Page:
I think for a lot of folks, just a basic email marketing software like some of those services you mentioned is sufficient, but if you want in addition to just a bunch of names and email address in a database, if you want to be able to click on that person’s name and see what’s their purchase history, what’s your history of your correspondence with that person and you want the ability to be able to segment your list in different ways, maybe tag them based on how did they join your list in the first place, you met them at an event or maybe they heard about you through a flyer, maybe they just found you online. If you feel like you’re getting to the point where you need more detail and that kind of information, maybe your sales are being held because you don’t have that, then I think it might be a good time to switch. But like you know, InfusionSoft, it’s not for everyone, there’s definitely a learning curve for sure and you do have to invest time, either time into learning it yourself or money into maybe getting a little bit of a help with it so you can get on a quicker learning curve.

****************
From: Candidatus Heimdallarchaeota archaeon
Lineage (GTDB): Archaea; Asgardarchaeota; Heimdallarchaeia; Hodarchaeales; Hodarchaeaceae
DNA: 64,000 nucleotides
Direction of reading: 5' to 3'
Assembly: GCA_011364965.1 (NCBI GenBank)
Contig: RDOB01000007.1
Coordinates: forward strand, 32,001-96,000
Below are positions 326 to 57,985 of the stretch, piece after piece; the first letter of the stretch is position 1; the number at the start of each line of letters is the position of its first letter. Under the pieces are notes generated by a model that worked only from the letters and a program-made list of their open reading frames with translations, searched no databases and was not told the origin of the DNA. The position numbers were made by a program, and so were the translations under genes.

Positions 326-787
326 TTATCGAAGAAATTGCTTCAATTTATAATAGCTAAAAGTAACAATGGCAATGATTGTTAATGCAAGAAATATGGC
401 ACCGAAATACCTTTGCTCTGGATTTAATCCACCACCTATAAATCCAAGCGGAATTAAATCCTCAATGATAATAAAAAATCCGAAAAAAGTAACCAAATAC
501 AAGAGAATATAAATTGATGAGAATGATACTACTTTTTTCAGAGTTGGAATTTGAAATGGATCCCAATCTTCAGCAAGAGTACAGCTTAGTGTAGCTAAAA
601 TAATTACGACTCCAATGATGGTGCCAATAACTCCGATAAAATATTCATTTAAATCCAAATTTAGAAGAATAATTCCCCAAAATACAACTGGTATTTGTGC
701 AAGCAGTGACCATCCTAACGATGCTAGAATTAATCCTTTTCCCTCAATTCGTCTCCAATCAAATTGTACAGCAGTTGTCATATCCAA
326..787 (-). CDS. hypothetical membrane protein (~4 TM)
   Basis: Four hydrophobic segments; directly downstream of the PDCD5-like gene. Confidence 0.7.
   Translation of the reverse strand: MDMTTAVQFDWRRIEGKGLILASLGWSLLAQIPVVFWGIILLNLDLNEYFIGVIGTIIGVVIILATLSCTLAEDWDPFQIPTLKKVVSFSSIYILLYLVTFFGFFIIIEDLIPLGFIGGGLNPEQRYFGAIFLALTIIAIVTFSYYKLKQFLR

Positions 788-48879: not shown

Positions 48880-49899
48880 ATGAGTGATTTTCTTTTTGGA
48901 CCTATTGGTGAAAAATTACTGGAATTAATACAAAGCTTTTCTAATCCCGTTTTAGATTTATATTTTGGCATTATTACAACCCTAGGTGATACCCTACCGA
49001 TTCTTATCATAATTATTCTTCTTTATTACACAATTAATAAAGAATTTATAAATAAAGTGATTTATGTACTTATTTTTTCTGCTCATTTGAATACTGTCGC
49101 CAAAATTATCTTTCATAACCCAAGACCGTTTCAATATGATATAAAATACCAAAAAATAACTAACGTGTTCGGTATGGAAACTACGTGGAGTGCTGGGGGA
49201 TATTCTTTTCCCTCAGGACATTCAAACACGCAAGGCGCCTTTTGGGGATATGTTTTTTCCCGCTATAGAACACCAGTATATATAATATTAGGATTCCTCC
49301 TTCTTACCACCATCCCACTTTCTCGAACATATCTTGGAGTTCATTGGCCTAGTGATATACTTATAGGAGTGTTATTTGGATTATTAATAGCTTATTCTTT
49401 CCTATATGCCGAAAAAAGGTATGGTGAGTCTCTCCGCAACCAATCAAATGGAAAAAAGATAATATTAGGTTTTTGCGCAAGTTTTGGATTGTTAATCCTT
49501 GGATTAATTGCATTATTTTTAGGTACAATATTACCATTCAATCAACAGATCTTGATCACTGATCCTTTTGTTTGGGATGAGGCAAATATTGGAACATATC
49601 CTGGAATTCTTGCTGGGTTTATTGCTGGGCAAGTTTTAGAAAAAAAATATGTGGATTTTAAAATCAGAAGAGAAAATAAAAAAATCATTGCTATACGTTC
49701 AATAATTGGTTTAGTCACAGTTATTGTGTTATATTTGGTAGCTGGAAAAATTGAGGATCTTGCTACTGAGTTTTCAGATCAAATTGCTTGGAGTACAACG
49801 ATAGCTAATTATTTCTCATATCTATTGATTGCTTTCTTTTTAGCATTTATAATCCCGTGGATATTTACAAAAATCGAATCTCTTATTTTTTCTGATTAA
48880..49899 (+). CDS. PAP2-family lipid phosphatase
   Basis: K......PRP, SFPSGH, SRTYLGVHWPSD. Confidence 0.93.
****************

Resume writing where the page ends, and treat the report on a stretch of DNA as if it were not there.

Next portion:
Ramon: Sure, this has been awesome. Anything else, Carmen, that I didn’t ask you that you want to share? I mean, you have a wealth of knowledge to share and I could be on here for hours with you, but I know we covered a little bit about marketing and you gave some ideas there. We covered a little bit about business growth, we talked about not rushing in and kind of mentorship is important, and advisors, but you have to kind of take their advice with what you know as well. We just touched on CRM, how it’s important for growing small businesses, I think, who are having 10 different silos of information and you’re just going crazy. You need to have it in one central place, that’s where CRM is excellent for you, InfusionSoft has an awesome platform for that.